What’s Streaming in April

Happy April, American Masters fans!

This month, American Masters is proud to present documentaries about director, producer and screenwriter Sidney Lumet to honor the anniversary of his passing on April 9th, and American country music singer-songwriter Loretta Lynn to celebrate her birthday on April 14th.


By Sidney Lumet

Prolific and versatile filmmaker Sidney Lumet (1924-2011) made 44 films in 50 years, earning the Academy Honorary Award for lifetime achievement after four Oscar nominations. Considered a quintessential New York filmmaker, Lumet frequently used New York City’s urban mettle to infuse his films with a realism and intensity that kept audiences in suspense while prodding them to consider their own morality.

In American Masters: By Sidney Lumet, he tells his own story in a never-before-seen interview shot in 2008 by late filmmaker Daniel Anker and producer Thane Rosenbaum. With candor, humor and grace, Lumet reveals what matters to him as an artist and as a human being.

Loretta Lynn: Still a Mountain Girl

Inducted into more music Halls of Fame than any female recording artist to date, Loretta Lynn (b. April 14, 1932) has earned four Grammy Awards, Kennedy Center Honors and a Presidential Medal of Freedom, and sold more than 45 million records worldwide. Still going strong after more than 50 years, “The Queen of Country Music” is now the subject of the new documentary American Masters – Loretta Lynn: Still a Mountain Girl.

With unprecedented access to Lynn, her family and archives, Still a Mountain Girl features never-before-seen home movies, performances and photos, as well as insightful interviews with her friends and fellow musicians, including Jack White (producer of Lynn’s Grammy-winning album Van Lear Rose), Sheryl Crow, Willie Nelson, Garth Brooks, Trisha Yearwood, Reba McEntire, Miranda Lambert and Bill Anderson.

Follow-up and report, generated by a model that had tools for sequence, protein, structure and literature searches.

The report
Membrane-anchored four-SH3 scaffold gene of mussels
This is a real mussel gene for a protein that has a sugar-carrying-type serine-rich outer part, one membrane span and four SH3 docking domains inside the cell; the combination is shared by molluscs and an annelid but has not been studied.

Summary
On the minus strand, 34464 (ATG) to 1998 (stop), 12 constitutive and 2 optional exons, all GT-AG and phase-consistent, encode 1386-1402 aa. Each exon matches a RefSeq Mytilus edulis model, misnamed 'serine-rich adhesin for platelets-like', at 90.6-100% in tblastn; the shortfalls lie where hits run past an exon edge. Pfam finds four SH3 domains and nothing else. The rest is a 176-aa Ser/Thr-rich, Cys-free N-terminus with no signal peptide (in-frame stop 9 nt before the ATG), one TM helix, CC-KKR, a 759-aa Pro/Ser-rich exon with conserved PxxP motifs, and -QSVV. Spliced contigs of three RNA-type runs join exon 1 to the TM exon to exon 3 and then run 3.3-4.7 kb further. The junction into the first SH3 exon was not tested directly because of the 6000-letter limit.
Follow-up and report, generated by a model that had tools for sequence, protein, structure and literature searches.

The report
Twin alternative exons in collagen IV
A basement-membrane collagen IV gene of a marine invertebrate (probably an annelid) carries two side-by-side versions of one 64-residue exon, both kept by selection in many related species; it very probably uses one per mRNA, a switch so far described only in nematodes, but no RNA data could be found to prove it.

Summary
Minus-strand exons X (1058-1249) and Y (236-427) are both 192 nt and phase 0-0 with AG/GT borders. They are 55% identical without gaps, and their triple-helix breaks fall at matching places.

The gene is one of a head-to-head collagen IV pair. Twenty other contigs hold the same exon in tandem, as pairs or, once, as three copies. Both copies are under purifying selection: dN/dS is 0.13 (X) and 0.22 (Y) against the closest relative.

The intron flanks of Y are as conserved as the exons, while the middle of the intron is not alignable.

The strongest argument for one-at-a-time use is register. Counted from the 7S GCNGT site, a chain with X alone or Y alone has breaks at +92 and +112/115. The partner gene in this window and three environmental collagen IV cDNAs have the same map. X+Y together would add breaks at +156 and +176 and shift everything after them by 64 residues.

Joseph Pulitzer: Voice of the People

Streaming starts April 12th at 9PM ET! Watch the preview above for now. 

American Masters – Joseph Pulitzer: Voice of the People explores the remarkable man behind the prestigious prizes. A Jewish immigrant from Hungary, Joseph Pulitzer began as a gifted journalist before becoming a successful publisher and businessman. Pulitzer was famous in his own time for his outspoken and cantankerous editorial voice and his newspapers’ striking illustrations, visual style, national circulation and financial success. Against the context of America’s explosive growth as a world force during the Gilded Age, Pulitzer emerges as the country’s first media titan, reshaping the newspaper to bear witness to and even propel that transformation.

Joseph Pulitzer championed what he regarded as the sacred role of the free press in a democracy. At the end of Pulitzer’s life, President Theodore Roosevelt sued him for “criminal libel,” citing the ongoing investigation of potential corruption in the building of the Panama Canal. Pulitzer’s little-known Supreme Court victory in 1911 established important precedent for the First Amendment right to free speech and resonates strongly in today’s fraught political environment.

Garry Winogrand: All Things are Photographable

Streaming starts April 19th at 9PM ET! Watch the preview above for now. 

Decades before digital technology transformed how we make and see pictures, Garry Winogrand made over 1 million of them with his 35mm Leica camera, creating an encyclopedic portrait of America from the late 1950s to the early 1980s in the process. When he died suddenly at age 56, Winogrand left behind more than 10,000 rolls of film – more than a quarter of a million pictures. These images capture a bygone era: the New York of Mad Men, the early years of the Women’s Movement, the birth of American suburbs and the glamour and alienation of Hollywood. He produced so many unseen images that it has taken until now for the full measure of his artistic legacy to emerge.

American MastersGarry Winogrand: All Things are Photographable is the first cinematic survey of that legacy. With unprecedented access to Winogrand’s estate and the cooperation of his gallery, the film tells the story of an artist whose rise and fall was – like America’s in the late decades of the 20th century – larger-than-life, full of contradictions and totally unresolved.